Detection of Curcumin and its metabolites in hepatic tissue and portal blood of patients following oral administration
Br J Cancer. 2004; 90(5):1011-5.
Curcumin is an effective chemopreventive agent; however it has low systemic bioavailability due to its poor absorption and avid metabolic conjugation and reduction. Despite its low bioavailability following oral administration, it has been earlier reported in rodents that Curcumin exerts biological activity on sites distant from the locus of absorption.
To investigate whether oral administration of Curcumin results in concentrations of the agent in normal and malignant liver tissue, which are sufficient to elicit pharmacological activity.
12 patients with hepatic metastatic disease from primary colorectal adenocarcinomas were selected. Patients were administered 1, 4, 8 capsules (each capsule containing 450 mg of Curcumin) orally as a daily dose for 1 week prior to surgery. After 1 hour of oral consumption of Curcumin the sample of peripheral blood was collected. After 6-7 h of last dose of Curcumin, hepatic resection was performed and sample of portal blood, bile and further samples of peripheral blood was collected. Levels of Curcumin and its metabolites were measured by HPLC in portal and peripheral blood, bile and liver tissue.
- In case of three patients who received 3600 mg Curcumin, their portal serum showed presence of Curcumin, Curcumin glucuronide, and Curcumin sulphate. In the peripheral blood, two patients showed a peak co eluting with Curcumin.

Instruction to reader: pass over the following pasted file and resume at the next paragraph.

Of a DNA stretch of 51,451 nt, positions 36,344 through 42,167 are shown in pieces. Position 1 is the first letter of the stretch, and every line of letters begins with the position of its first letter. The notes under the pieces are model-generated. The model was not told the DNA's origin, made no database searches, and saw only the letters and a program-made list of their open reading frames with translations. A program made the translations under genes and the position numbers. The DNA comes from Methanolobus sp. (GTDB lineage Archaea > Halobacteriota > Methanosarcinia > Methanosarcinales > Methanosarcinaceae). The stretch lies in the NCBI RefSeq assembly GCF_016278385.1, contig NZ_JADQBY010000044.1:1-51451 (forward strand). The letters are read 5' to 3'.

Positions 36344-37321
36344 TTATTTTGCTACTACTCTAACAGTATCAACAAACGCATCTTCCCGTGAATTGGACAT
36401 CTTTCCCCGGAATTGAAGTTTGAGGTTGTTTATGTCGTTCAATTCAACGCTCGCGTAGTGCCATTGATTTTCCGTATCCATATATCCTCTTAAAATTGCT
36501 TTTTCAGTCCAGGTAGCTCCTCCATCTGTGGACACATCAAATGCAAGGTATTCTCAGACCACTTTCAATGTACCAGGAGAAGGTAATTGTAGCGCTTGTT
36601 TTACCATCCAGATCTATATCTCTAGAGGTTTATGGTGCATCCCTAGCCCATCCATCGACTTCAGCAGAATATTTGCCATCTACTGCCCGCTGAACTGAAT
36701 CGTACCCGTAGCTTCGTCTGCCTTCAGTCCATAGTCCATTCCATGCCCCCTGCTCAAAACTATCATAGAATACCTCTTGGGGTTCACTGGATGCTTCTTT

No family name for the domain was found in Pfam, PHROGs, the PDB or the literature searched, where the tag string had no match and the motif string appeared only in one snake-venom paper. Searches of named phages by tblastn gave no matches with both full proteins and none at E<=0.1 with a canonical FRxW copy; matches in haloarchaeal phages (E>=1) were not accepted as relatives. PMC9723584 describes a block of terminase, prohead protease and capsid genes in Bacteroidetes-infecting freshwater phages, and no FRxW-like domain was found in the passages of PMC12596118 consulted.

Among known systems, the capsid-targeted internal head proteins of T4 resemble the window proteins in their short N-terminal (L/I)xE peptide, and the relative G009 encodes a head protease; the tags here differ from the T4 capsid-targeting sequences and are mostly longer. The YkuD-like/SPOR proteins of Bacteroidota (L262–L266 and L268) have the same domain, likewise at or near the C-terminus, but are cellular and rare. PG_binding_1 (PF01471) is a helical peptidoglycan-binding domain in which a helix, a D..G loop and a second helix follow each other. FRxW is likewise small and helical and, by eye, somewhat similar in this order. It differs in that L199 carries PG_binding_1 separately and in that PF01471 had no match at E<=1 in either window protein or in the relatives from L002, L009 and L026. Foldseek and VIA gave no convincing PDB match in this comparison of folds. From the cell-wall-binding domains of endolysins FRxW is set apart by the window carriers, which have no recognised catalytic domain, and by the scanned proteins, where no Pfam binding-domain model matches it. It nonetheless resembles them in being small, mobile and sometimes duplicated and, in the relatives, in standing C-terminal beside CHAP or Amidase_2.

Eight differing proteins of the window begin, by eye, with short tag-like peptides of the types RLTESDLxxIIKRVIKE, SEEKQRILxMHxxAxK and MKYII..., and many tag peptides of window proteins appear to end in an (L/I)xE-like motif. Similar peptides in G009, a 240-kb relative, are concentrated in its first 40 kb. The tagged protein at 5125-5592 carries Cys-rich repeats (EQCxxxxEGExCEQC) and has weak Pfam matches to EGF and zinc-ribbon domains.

- In patients who received 1800 or 450 mg of Curcumin, their peripheral and portal blood did not show the presence of Curcumin and its conjugates.
- In all the patients who received Curcumin; their bile, normal and malignant liver tissue did not show presence of Curcumin and its conjugates. However, analysis of normal liver tissue from one patient who received 3600 mg of Curcumin daily showed the presence of hexahydrocurcumin and hexahydrocurcuminol, which are the metabolic reduction product of Curcumin.
- In patients who had received Curcumin, levels of malondialdehyde-DNA (M1G) adduct, which reflect oxidative DNA changes were not decreased in post-treatment normal and malignant liver tissue when compared to pretreatment samples.
It is the first evidence in humans that oral administration of Curcumin furnishes trace levels (10-8M) of parent compound and its metabolites in the liver tissue and portal circulation.